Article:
Washington (CNN) -- By all measures, Senate leaders Harry Reid and Mitch McConnell are worlds apart when it comes to their politics. But there's at least one thing solidifying their relationship.
"Both are institutionalists at heart," said Jim Manley, a former spokesman for Senate Majority Leader Reid, a Nevada Democrat. "They come from completely different ideologies but both have the respect from their caucus." He added that while they're not the best of friends, their bond is strong.
It's a view that Ron Bonjean, a former communications director to then-Senate Majority Leader Trent Lott, the Republican from Mississippi, agreed with.
"You'll never see them slapping each other on the back or having a hearty laugh between them," said Bonjean, who's now a GOP strategist. "They do have a very congenial working relationship in order to make the Senate function."
McConnell has said that it's important for the two to have a good relationship.
"I consider Harry a friend, and I think we trust each other, and I think that's important for the institution," the Kentucky Republican said in an interview with Bloomberg News in January.
Manley said both leaders are smart enough -- often times smarter than their staff -- to not let the heated political rhetoric get in the way of cutting a deal.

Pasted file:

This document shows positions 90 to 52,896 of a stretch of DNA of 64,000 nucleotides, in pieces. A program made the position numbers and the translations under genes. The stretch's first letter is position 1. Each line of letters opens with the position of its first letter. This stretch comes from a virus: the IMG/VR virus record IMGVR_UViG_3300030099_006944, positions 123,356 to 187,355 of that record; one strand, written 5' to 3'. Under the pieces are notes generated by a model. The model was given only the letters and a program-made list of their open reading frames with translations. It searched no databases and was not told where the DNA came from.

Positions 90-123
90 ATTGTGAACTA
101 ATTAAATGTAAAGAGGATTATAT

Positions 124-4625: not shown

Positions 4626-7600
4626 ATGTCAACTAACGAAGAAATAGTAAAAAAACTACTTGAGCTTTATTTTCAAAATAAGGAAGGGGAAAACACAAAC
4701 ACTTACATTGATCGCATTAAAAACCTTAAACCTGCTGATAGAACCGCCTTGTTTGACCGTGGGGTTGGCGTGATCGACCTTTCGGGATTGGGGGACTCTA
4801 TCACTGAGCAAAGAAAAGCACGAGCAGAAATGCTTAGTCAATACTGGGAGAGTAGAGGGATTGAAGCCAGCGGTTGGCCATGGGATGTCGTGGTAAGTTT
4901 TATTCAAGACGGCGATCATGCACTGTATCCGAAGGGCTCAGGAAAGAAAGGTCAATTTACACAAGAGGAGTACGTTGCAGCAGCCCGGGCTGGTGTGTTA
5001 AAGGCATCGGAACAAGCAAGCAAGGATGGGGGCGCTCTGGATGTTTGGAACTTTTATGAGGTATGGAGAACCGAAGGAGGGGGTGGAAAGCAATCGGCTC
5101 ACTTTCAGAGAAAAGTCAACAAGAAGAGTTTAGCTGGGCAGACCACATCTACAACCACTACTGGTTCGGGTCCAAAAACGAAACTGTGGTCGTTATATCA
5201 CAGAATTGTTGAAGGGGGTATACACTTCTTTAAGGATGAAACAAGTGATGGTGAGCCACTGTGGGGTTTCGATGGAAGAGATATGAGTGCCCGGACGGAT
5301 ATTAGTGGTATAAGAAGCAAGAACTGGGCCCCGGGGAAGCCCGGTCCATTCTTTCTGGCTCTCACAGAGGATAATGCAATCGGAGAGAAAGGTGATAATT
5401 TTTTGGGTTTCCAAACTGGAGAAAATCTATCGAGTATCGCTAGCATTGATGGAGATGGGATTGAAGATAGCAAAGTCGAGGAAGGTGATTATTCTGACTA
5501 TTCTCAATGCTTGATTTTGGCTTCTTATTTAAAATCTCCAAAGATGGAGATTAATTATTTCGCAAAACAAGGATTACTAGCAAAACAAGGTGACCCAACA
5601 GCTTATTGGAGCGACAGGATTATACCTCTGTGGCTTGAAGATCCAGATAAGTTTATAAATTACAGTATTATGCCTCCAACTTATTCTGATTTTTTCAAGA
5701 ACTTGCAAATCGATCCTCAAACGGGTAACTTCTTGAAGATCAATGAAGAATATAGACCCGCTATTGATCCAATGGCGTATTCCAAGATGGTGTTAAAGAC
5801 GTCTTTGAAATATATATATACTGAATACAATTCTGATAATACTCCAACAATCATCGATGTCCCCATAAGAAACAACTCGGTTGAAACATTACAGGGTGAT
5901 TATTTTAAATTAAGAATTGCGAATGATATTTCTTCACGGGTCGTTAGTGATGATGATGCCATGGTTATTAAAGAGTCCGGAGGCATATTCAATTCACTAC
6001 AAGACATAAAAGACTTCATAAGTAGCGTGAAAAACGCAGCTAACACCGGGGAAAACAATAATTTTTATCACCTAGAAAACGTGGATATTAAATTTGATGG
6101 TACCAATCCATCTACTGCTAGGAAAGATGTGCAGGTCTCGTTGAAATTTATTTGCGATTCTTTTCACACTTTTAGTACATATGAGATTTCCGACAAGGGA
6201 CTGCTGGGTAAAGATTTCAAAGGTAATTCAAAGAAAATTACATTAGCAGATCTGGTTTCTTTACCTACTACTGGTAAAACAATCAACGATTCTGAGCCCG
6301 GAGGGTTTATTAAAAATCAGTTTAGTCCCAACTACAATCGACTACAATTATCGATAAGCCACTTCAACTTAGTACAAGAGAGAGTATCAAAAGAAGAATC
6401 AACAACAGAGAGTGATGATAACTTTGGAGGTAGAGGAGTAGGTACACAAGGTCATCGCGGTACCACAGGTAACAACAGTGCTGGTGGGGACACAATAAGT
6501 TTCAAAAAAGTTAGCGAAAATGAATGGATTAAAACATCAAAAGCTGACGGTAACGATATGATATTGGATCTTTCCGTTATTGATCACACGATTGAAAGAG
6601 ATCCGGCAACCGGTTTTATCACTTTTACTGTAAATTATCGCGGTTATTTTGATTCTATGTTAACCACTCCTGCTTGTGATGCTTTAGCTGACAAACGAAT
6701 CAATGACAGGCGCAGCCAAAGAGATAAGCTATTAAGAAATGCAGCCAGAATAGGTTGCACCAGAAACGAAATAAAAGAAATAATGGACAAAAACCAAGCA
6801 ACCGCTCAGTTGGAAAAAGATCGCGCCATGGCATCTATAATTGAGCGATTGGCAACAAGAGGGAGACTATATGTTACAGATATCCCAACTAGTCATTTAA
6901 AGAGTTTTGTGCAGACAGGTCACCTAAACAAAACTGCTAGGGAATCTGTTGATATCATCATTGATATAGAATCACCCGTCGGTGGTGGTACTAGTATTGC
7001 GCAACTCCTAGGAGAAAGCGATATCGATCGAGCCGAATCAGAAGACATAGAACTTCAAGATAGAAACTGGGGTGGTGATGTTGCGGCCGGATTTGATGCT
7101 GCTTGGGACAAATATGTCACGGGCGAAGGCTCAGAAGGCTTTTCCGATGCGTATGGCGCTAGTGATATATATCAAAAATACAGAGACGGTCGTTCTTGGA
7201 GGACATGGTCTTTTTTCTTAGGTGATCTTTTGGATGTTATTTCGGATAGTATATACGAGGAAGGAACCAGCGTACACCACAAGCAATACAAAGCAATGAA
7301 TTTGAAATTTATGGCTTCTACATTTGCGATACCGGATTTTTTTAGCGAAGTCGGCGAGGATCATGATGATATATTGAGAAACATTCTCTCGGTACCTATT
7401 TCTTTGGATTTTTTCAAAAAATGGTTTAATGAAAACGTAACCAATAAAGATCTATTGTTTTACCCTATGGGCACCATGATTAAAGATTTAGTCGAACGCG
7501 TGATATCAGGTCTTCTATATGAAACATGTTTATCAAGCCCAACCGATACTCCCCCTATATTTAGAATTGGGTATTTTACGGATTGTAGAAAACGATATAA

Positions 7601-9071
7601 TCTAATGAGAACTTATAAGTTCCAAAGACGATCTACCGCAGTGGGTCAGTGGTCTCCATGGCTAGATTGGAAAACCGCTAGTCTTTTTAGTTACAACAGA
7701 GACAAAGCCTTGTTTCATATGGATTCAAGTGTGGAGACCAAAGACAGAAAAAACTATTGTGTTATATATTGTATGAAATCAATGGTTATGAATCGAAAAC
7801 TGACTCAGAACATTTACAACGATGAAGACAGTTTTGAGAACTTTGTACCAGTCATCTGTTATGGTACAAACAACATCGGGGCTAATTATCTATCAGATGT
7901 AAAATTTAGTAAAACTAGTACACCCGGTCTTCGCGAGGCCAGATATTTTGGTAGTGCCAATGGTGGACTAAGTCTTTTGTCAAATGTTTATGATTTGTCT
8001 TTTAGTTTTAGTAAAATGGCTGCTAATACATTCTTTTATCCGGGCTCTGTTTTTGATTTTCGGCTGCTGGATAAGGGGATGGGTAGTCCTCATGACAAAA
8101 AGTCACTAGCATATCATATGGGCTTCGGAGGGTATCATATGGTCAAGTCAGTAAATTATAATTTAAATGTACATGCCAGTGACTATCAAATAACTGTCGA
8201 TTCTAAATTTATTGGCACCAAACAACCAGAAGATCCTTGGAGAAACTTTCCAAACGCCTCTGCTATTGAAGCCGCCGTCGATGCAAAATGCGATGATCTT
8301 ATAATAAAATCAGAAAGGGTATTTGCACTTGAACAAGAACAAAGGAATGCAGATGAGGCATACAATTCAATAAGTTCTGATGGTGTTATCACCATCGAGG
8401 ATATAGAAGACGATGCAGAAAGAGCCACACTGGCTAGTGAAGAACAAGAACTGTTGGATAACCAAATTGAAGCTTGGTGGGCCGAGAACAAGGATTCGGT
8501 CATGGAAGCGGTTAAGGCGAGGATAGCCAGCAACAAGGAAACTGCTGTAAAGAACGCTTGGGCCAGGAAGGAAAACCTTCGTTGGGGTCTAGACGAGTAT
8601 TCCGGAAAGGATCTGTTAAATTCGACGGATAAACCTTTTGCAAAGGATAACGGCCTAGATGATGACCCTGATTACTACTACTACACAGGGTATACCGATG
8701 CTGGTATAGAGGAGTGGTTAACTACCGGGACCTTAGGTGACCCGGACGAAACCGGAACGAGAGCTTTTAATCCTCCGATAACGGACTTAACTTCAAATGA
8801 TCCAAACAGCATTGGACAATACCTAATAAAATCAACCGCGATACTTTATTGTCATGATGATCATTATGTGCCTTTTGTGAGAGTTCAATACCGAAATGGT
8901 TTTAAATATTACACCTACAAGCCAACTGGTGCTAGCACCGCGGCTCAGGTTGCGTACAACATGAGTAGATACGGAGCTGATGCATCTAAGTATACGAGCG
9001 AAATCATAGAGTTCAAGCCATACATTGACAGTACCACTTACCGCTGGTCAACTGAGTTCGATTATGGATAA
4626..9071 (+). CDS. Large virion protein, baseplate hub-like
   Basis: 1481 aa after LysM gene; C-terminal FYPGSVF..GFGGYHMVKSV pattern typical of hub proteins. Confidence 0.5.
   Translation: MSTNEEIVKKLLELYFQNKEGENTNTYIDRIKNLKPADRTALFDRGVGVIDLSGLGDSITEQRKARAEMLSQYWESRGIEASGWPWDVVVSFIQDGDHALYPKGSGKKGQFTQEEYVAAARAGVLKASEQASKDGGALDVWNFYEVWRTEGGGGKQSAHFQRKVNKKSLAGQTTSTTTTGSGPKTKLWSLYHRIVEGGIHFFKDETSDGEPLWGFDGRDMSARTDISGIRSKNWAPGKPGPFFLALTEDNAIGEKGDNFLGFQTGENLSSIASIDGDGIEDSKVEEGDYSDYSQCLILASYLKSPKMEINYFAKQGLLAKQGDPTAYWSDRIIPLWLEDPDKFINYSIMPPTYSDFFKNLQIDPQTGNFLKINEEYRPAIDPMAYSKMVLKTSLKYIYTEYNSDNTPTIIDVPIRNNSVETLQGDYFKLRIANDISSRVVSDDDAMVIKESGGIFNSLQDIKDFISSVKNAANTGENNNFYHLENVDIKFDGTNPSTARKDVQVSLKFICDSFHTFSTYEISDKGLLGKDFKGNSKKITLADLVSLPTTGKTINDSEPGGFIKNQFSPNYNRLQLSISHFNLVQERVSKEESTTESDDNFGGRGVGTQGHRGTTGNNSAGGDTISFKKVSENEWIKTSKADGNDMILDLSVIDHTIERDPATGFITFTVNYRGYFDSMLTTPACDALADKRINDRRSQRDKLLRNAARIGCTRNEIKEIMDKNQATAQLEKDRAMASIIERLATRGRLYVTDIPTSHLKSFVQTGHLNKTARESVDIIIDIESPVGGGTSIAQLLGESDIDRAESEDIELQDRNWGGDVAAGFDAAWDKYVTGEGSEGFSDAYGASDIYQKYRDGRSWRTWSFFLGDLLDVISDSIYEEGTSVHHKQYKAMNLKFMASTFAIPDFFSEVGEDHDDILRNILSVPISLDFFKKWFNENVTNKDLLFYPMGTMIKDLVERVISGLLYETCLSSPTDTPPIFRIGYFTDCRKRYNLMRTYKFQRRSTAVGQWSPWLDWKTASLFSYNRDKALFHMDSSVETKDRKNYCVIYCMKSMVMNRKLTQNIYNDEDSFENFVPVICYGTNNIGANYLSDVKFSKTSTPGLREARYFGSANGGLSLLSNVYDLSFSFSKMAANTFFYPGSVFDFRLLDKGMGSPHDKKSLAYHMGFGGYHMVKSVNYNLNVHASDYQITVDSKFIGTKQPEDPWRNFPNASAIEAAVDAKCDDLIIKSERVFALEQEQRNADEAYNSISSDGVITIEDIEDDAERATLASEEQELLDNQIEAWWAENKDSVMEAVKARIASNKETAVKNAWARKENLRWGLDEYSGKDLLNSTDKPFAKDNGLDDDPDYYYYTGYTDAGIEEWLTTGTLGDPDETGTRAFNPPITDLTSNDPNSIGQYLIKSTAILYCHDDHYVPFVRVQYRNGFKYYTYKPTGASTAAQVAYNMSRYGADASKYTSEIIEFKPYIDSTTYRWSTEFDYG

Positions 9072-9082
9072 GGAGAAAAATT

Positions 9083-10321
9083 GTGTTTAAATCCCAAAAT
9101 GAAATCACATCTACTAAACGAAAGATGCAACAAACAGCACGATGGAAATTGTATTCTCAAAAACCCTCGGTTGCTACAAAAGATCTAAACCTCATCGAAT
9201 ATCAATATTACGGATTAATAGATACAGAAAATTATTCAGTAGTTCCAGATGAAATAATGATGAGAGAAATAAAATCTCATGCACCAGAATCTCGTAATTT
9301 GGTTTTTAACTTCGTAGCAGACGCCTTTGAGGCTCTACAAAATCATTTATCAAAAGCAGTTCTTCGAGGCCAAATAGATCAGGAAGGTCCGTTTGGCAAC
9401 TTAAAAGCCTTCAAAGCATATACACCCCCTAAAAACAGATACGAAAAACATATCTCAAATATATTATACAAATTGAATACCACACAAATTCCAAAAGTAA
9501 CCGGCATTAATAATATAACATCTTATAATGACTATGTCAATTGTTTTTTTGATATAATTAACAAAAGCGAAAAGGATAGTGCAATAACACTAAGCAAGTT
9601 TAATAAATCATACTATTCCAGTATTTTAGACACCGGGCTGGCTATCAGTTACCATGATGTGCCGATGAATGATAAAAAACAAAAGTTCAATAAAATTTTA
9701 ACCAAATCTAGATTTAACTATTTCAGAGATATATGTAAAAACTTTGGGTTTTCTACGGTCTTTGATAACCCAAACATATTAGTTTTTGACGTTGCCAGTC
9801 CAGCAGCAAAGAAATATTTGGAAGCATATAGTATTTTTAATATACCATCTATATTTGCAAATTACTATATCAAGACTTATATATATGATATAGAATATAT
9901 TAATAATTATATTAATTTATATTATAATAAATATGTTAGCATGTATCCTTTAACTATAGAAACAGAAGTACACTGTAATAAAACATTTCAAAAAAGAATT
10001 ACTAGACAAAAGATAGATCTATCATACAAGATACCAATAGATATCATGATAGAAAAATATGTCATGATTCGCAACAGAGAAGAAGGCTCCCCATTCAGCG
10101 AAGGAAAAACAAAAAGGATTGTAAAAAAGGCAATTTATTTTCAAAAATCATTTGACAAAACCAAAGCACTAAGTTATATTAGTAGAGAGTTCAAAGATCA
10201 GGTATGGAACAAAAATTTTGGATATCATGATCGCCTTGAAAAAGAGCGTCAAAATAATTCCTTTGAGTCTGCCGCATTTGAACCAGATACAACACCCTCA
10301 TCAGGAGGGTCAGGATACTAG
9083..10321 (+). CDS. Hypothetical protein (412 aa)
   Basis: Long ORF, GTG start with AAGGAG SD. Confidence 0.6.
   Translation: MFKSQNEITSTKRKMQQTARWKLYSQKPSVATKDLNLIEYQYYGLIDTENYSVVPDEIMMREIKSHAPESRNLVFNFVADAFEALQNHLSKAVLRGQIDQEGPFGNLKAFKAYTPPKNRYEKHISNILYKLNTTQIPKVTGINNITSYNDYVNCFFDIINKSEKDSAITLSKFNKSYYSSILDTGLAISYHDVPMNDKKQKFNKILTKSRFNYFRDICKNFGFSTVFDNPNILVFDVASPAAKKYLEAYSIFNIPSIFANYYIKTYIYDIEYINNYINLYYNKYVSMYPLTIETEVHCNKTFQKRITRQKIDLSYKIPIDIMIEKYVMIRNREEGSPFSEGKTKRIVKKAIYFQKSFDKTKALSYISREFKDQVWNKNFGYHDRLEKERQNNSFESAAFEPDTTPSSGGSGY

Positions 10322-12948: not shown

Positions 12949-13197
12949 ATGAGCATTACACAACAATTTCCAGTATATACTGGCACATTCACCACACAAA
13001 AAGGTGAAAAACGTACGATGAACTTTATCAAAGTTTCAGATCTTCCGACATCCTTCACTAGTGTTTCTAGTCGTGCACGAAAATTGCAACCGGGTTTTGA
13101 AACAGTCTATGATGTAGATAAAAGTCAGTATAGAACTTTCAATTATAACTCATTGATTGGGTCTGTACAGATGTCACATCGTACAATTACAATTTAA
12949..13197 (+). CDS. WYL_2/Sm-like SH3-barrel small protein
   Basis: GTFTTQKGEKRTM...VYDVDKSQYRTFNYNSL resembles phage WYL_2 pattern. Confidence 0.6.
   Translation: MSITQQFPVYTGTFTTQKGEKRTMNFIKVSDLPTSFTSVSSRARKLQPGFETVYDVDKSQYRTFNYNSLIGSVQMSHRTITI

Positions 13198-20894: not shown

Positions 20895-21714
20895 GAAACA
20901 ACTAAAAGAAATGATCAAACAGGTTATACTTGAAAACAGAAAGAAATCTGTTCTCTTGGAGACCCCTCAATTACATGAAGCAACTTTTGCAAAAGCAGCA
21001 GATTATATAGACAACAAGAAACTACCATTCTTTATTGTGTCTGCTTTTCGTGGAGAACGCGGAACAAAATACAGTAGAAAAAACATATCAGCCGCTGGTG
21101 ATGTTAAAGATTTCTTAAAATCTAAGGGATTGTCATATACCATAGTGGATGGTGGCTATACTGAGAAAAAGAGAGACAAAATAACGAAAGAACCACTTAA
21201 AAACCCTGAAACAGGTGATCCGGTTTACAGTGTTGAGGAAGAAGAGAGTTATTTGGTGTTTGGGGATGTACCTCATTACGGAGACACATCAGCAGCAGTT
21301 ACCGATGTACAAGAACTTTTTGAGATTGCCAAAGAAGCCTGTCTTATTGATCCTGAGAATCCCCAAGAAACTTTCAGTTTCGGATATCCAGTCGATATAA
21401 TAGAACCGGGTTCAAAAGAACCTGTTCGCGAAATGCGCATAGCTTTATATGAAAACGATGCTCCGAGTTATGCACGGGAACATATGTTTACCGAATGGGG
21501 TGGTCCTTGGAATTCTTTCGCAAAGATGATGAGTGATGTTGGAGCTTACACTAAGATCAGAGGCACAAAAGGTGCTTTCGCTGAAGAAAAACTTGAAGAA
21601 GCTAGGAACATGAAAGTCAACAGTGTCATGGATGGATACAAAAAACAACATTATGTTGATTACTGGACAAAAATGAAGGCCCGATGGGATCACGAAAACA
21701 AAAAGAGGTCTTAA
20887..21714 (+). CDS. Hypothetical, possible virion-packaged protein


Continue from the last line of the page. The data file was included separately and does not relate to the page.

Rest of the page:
That rhetoric has grown louder in Washington over the debt ceiling debate. Negotiations are at an impasse, and many say a compromise is a long way off. If the debt ceiling isn't raised by August 2, the United States will officially default on its loans. Many economists argue this will have a devastating effect on the world economy.
Knowing the seriousness of what's at stake, both leaders have put forth debt plans, though each eventually fizzled after fierce opposition in the House by the small but loud 60-member Tea Party Caucus and Democrats.
"Both know that legislation is the art of compromise, unlike many in the House Republican leadership," Manley said. "Sen. McConnell understands that and is very good at giving just enough to get whatever needs to be done over the goalpost."
Bonjean said it's the tea party freshmen who should be looking to McConnell for expertise on how to change what's ailing how Washington works -- though many in the freshman class would argue that both leaders are part of the problem.
"And their expertise is definitely needed in a situation in this very volatile and turbulent environment where you have new outspoken freshmen who want to see change at the same time they need to get up to speed on how the system operates in order to change it," Bonjean said. "And that's where Sen. McConnell can be particularly effective -- he has a good understanding on how the Senate ticks and can make that change effectively."
The talks, meanwhile, continue. It often starts with a phone call early in the morning, Manley said. It's during meetings, though, that their personalities shine.
"I often times joke that the funny thing about their relationship is that Sen. Reid is the more talkative of the two. Neither is known for being very loquacious," Manley said. "In their private dealings, Sen. McConnell keeps his cards much closer to the vest."
Bonjean agreed, saying McConnell is a "very reserved man who keeps his cards close and will only reveal as much information as he needs to in order to accomplish his goal."